Criterion Reviews: ‘Mikey and Nicky’

The inaugural Criterion Channel pick for the first week of February was writer/director Elaine May’s 1976 Mikey and Nicky, a character-driven “Guys Bein’ Dudes” gangster drama. Taking place over the span of a single night, the film opens in classic 70s style with a shifty-eyed Nicky (auteur dreamboat John Cassavetes) alone in a hotel room, clinging to a gun and lighting a cigarette. He’s a small-time bookie who’s just stolen money from the mob, and he’s waiting for his childhood friend, Mikey (Peter Falk), to save him from a panic-induced ulcer attack.

When Mikey arrives, he holds Nicky while he sobs, then lies him down flat on his back to force-feed him an antacid. “Nick, I know you for 30 years. You call me up on that phone, you say ‘Come right away,’ in that voice, I bring Gelusil,” he says calmly before chewing one himself in solidarity. It’s a brilliant hook that establishes the best friends’ characterizations perfectly: Mikey is steady and paternal while Nicky is neurotic and vulnerable. And you just know their story is gonna end with a gut-shot.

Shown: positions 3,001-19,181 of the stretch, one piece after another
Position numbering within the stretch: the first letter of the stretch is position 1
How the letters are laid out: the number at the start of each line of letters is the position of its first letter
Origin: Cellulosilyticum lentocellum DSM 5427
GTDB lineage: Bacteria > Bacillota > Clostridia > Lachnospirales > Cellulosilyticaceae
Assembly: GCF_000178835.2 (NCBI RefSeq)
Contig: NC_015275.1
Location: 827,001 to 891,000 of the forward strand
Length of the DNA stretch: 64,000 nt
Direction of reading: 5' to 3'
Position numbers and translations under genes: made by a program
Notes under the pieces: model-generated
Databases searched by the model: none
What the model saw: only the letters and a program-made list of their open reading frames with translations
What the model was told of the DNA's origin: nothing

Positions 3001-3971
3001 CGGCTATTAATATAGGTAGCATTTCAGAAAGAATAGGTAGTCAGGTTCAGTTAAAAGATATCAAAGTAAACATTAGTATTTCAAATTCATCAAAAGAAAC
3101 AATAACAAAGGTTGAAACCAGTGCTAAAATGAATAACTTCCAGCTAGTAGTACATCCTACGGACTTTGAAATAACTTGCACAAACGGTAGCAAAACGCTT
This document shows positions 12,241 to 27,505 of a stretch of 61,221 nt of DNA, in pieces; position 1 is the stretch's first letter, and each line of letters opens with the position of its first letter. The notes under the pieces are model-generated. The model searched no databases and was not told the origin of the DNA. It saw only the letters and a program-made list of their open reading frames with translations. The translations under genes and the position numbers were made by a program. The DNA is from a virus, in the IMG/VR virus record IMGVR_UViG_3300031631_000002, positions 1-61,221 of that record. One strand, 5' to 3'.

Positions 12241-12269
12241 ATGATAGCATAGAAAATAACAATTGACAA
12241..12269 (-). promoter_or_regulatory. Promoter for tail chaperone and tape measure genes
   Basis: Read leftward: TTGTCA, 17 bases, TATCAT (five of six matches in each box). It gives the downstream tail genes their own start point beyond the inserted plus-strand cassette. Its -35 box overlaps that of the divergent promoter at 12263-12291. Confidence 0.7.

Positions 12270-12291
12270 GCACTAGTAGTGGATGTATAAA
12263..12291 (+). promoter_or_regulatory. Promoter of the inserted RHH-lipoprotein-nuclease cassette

Continue reading “Criterion Reviews: ‘Mikey and Nicky’”

Advertisements

‘The Tale’ is a Brave Story of the Mind’s Power to Shield Us from Trauma

Sometimes, before watching a new film, there’s a murky feeling that it’s going to be an intense experience. The Tale is one of those films. The HBO film follows Jennifer, played by Laura Dern, as she is forced to revisit the circumstances of her first “relationship” with an older man as a child after her mother discovers a story written by her younger self. If the premise isn’t powerful and sensitive enough, the film is based on the story written by the writer-director Jennifer Fox’s younger self at the time of her abuse. Primarily because of its plot, the film is not particularly “entertaining,” at moments even difficult, but it’s so powerful that it’s a must-watch.

The Tale

Continue reading “‘The Tale’ is a Brave Story of the Mind’s Power to Shield Us from Trauma”